Friday, September 4, 2009

Vampire Hunter D - Bloodlust

With the phenomenon of Twilight, the question of whether or not vampires were ever cool is raised. Certainly, the Twilight vamps aren't, they're sparkly and get involved in treacly teen romance novels, and play vampire baseball. But were they ever cool? More often than not, they're portrayed as thin pale losers who never get out of the house. They can only get ladies by kidnapping them and then they bite their neck right away, which is just rude. Lame as Twilight vampires might be, were they any worse than the traditional ones?

This, naturally, brings us neatly to Vampire Hunter D, which is about a vampire hunter, named D. He's a half-vampire, which seems to mean that nobody likes him and he's slightly more magical than most. As it turns out, a sexy lady has been kidnapped by a vampire, and her family wants her back if she's still a human, and dead if she isn't. So, D and his trusty hand of comic relief, along with a different band of rival vampire hunters set off to rescue her, whether she wants to be or not.

The trouble with Vampire Hunter D is that it seems to have inherited a complex and fully drawn world - it's both a book adaptation and a sequel to a movie from 1985, which was 15 years before this one came out - but has no real idea what to do with it. There are blocks of action that seem to be done specifically for the fans, but there's real idea of where a normal person can find a foothold. Things happen without any clue what they are supposed to be, and there are both moments where it expects you to know what's going on, and others where it explains everything in an info dump. I'm all about films just using the medium instead of explaining things, but sometimes I felt as though this needed to take a step back and give me a grounding in where I was, in both the narrative and just what the world was supposed to be.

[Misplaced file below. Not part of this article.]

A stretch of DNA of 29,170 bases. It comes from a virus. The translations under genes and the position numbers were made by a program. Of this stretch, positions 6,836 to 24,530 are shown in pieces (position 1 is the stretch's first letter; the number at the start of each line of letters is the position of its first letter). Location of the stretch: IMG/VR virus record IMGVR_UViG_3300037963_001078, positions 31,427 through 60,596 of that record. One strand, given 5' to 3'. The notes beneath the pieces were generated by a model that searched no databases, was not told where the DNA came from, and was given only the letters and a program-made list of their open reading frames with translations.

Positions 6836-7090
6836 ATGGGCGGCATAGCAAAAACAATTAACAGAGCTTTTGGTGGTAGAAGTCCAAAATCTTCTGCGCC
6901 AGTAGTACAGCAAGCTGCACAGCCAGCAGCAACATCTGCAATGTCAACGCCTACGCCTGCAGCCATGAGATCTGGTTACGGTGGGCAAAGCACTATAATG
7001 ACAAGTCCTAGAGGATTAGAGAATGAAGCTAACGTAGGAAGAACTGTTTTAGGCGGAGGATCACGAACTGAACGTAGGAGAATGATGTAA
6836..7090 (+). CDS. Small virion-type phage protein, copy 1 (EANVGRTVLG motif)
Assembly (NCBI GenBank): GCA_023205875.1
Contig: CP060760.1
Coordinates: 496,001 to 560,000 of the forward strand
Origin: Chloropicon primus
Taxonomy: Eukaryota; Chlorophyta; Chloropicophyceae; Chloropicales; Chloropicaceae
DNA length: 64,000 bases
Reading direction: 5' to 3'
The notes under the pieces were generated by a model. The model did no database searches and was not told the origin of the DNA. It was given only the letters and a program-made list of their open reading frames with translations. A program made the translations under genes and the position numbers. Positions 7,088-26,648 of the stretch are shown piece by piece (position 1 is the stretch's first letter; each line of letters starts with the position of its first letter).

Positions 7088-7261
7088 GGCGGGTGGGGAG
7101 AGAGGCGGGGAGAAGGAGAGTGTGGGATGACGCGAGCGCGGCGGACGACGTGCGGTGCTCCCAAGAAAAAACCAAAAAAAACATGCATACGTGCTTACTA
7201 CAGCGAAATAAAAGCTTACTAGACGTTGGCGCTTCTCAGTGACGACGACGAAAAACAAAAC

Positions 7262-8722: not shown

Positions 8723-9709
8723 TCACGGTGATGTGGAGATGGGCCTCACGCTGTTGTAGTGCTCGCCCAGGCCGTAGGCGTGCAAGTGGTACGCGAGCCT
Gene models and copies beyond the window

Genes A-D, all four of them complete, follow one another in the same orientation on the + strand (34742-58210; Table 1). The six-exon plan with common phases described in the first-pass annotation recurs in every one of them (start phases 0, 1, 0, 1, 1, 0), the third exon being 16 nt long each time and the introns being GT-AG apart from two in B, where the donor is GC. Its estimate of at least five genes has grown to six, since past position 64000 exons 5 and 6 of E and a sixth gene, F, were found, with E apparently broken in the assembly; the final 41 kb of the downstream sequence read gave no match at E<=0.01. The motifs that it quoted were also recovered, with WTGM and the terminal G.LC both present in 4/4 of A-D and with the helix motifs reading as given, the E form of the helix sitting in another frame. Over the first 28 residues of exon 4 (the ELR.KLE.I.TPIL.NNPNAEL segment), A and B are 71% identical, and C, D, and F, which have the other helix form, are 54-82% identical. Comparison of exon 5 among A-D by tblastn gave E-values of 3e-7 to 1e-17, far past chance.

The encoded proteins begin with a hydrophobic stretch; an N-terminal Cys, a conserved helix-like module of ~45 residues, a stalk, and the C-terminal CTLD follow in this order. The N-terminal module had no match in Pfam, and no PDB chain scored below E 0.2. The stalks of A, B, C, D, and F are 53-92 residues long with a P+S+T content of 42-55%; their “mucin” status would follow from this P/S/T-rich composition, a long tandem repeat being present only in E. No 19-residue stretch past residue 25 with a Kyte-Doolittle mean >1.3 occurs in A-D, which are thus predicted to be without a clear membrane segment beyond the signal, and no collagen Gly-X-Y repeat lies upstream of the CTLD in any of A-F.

Not that getting gifted a well established world is entirely a curse. The film is a validation of animation, simply because it has such an inventive, beautiful, and visually interesting world to exist in. The original book was illustrated by Yoshitaka Amano - he might be familiar to you if you're a Final Fantasy fan - and the design and atmosphere almost carries it even when the plot is at the most haphazard. This is a beautiful film, with many moments that can elicit a gasp or a silent wow. Plus, very little else actually looks like this, and there is definitely the touch of a talented and individual artistic style in the mix.

Plus, once the movie finds its feet in the last half and gets moving, it does get pretty good. The climax is both emotionally complex and tense. The various set pieces and characters come together in unexpected and ultimately satisfying ways. Add in a fairly bittersweet ending, and we've got a film that, at the end of the day, manages to be satisfying in spite of some serious flaws early on.

There is merit here, but it is ultimately a disappointing experience, mostly because it takes so long to really find its way. You can feel the filmmakers drifting along on the good will of curious fans, not completely sure what they want to do with the material they're given. With a little more work at creating a coherent cinematic world, it could have been a good movie, as ending proves. As is, it's merely almost good, relying a bit too much on great animation to carry it when it doesn't know where it wants to go.

No comments:

Post a Comment